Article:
The immediate future here in Chicago, though, will bring a thaw. Temperatures are expected to hit 38º F tomorrow, which will feel miraculous following day after interminable day of waking to 3º and below. I hope that when it is no longer so goddamn cold it will be possible to view the world situation with clear, perhaps less fearful, eyes. Regardless, I intend to continue to cling to gallows humor. I will write more frivolous posts angsting over a life situation that 97% of people would be happy with, secure in the knowledge that even that other 3% couldn’t have it any better than I do; my blessings are beyond abundant. But if I’m sounding like a shallow, vacuous person concerning herself only with inanities, remember that there’s another program running in the background; one that is calculating ten steps ahead and can’t cope with what it sees.



  1. Mike said,

    I try not to talk about the crumbling economy on my blog either. It’s not that I don’t think about it, but I like to have a place where I don’t have to worry about it. Does that make sense? Believe me, I think about it all the time.

  2. freshhell said,

    I’m with Mike. I think during the last Depression, Hollywood pumped out a lot of silly movies because it’s too depressing to go day in and day out without a laugh. I don’t think we’re going to go communist. Ever. Even though I do think there needs to be a little more, um, sharing of the wealth. But, I don’t really talk about it on my blog because I don’t see the point and I wouldn’t do any argument justice with my small amount of knowledge. It’s everywhere, visible in the headlines every single day. Winter is crushing us with its awfulness. The president has a hell of a lot to deal with so, no miracles will come from that quarter anytime soon. I’d rather focus on what’s good and happy and funny in my life. When I can. Because otherwise I might drown in a puddle of my own tears. Instead, I’ll just watch Blazing Saddles over and over until things are rosier.

  3. harri3tspy said,

    I don’t know what you all are talking about because I’ve got my fingers in my ears. La-la-la…still not listening!

  4. chel said,

    We help our children become resilient people by giving them access to beauty, and art, and nature despite what is happening around them. If you have the opportunity to read the book “The Cellist of Sarajevo” by Steven Galloway you should do so. It provides a series of character sketches of people finding beauty and humanity during horrific conditions and in a very sad and stark way reminds that there is hope.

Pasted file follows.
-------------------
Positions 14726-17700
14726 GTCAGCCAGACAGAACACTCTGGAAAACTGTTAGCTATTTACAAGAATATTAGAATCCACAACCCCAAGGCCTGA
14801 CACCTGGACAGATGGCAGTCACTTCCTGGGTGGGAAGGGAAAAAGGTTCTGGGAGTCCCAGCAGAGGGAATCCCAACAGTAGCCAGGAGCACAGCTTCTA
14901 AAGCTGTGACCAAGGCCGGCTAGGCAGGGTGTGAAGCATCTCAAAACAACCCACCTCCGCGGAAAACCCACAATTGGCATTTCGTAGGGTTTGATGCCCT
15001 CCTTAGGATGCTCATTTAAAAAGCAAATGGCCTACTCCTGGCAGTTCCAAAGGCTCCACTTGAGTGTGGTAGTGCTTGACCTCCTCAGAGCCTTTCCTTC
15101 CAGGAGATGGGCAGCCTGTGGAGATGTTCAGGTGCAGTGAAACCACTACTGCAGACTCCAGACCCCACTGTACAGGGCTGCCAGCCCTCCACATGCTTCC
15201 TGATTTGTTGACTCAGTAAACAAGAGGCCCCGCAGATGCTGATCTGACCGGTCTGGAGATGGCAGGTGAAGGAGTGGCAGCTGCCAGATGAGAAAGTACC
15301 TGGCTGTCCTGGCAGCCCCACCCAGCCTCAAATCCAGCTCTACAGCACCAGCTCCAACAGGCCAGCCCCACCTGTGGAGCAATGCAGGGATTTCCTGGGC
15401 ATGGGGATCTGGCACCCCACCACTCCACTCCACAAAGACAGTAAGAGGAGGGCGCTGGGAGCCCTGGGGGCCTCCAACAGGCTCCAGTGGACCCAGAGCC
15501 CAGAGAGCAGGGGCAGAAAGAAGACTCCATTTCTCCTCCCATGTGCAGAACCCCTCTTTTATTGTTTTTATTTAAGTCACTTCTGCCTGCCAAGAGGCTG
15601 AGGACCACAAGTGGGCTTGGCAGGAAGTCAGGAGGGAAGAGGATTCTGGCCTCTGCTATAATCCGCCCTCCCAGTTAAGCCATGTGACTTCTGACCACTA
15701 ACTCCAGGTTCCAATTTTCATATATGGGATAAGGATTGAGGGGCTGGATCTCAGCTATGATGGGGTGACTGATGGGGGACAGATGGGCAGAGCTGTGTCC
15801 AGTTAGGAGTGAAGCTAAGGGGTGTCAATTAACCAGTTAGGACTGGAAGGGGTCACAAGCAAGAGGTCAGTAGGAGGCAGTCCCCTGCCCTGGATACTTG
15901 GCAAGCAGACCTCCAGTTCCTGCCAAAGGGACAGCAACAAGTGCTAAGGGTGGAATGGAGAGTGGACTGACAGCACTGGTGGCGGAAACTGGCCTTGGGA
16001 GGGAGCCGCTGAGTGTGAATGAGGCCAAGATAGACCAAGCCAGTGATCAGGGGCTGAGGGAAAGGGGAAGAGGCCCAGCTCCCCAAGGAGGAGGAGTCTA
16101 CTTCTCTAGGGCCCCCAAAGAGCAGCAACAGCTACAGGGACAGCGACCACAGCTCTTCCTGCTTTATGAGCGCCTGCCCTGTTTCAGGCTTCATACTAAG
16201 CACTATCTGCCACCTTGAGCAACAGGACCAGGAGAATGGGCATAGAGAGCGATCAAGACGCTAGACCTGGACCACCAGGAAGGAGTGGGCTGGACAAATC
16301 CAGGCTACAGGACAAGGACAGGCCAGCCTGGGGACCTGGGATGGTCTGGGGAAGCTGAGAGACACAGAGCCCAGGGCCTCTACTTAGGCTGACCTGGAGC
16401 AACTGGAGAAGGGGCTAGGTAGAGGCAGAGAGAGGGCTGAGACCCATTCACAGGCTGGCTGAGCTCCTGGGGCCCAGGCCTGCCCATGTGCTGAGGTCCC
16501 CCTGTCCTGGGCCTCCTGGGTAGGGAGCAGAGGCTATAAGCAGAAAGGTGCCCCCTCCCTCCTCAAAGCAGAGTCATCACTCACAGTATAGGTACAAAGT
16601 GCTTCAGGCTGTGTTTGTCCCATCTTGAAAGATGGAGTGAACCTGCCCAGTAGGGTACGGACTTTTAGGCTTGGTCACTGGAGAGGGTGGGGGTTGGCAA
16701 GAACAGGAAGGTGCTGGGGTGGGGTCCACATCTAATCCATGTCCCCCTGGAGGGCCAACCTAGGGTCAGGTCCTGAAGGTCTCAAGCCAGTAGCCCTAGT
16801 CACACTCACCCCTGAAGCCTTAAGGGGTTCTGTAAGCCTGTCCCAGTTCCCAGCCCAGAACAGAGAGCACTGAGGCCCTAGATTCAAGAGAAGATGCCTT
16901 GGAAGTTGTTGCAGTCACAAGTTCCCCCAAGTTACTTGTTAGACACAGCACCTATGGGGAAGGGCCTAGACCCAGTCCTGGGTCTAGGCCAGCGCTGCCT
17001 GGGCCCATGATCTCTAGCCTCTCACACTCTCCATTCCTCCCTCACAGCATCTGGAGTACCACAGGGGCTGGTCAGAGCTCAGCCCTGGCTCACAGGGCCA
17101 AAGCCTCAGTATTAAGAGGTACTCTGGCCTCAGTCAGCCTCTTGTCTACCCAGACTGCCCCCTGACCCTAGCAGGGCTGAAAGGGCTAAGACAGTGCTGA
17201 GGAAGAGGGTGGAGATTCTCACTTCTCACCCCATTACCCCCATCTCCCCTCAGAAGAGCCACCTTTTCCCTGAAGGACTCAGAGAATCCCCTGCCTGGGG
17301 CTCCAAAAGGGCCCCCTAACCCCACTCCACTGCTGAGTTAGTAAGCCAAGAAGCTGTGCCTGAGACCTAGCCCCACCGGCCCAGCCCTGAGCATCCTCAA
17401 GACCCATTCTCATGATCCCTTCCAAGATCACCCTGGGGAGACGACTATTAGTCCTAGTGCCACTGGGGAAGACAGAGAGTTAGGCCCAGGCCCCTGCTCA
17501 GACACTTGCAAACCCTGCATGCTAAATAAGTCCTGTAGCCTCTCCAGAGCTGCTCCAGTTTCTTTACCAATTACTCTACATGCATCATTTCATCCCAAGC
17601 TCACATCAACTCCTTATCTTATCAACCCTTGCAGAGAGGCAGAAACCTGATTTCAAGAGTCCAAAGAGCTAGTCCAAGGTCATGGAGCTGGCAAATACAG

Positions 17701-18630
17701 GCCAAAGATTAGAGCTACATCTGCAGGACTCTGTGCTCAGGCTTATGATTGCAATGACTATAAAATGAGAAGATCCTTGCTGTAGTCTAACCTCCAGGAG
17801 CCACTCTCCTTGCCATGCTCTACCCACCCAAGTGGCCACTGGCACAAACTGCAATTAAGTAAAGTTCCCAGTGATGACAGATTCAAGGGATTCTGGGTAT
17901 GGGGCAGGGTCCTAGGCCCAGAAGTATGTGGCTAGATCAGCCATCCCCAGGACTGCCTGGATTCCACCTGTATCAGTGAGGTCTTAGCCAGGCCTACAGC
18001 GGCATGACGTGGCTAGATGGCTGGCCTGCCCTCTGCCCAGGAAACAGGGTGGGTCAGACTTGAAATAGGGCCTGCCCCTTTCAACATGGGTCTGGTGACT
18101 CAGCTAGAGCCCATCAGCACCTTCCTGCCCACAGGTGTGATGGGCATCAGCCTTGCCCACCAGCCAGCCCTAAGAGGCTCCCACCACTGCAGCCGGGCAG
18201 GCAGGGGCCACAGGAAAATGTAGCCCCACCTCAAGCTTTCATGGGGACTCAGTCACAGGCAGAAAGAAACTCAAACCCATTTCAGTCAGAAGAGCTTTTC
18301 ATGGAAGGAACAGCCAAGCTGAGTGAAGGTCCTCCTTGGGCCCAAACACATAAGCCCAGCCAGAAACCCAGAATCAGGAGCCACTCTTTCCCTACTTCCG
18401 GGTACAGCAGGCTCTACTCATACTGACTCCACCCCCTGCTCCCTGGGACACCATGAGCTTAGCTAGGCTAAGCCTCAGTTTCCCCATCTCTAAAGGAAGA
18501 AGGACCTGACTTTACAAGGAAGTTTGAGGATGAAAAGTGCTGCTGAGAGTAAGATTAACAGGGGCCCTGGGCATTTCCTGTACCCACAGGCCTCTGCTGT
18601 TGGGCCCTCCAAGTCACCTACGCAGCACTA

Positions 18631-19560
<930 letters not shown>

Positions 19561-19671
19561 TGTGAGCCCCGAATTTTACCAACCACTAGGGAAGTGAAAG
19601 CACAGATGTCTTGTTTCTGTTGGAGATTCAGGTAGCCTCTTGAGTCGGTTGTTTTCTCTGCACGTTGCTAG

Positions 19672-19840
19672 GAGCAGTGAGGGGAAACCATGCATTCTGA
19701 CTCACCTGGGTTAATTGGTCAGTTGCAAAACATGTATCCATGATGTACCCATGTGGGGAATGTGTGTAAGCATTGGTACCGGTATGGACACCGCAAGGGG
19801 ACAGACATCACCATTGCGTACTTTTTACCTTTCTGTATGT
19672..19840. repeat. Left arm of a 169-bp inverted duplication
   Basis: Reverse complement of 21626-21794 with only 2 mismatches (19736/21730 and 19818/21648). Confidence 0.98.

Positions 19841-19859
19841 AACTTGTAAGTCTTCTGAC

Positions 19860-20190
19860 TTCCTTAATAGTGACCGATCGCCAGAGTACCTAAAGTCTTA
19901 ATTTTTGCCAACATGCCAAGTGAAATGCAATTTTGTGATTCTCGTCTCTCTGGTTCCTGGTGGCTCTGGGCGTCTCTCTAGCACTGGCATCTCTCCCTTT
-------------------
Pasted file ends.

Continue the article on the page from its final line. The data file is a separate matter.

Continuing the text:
5. Green Eyed Siren's Mom said,

    Well said, chel! The ability to find beauty and meaning in our lives makes us stronger.

  6. Pickle Horwitz said,

    I appreciate your confession and completely empathize with your voice. How does a parent keep their balance just enough so as not to imbalance the child? For this, there is no road map. I often simplify things and ask myself if my kids are better off than I was as a child. If the answer is yes, I keep on truckin’. If no, I pause and reflect. Often I must back-step because I missed the sign.

    As far as gratitude, I hear ya, girl. While I am a firm believer in the power of complaint, I do recognize how incredibly fortunate I, as well as most of my friends, are. Whenever I am heard wallowing just a little too loudly, my lovely husband reminds me of reality.

    Kudos to your reader Chel for recognizing the importance of hope. Without it, I would not be able to get out of bed.

  7. If we’re lucky, that is, and we haven’t separated into tribal factions by then.

    I’m counting on this, at least in the futuristic I’m currently writing. :)

  8. Lass said,

    Like Harriet and Freshhell, I’m choosing to live in my own private Idaho…to think about the economic asteroid coming our way is just too much for me right now. My escapist viewing of choice are dvds of Lancelot Link, Secret Chimp and Mary Hartman, Mary Hartman. I heartily recommend both.

  9. Jeanne said,

    After I read this, a comment was not enough, so I wrote an entire post responding to it:
    Thanks for the inspiration.

  10. Thanks, everybody, for talking me down, and for your excellent recommendations for reading & viewing material. I think we’re all going to need both escapism and inspiration as this gets sorted out.

  11. […] ourselves into that level of debt I would probably have had a true nervous breakdown to accompany my visions of a modern Dr. Zhivago situation last winter, and we might well not have been able to cope with the financial burden of a […]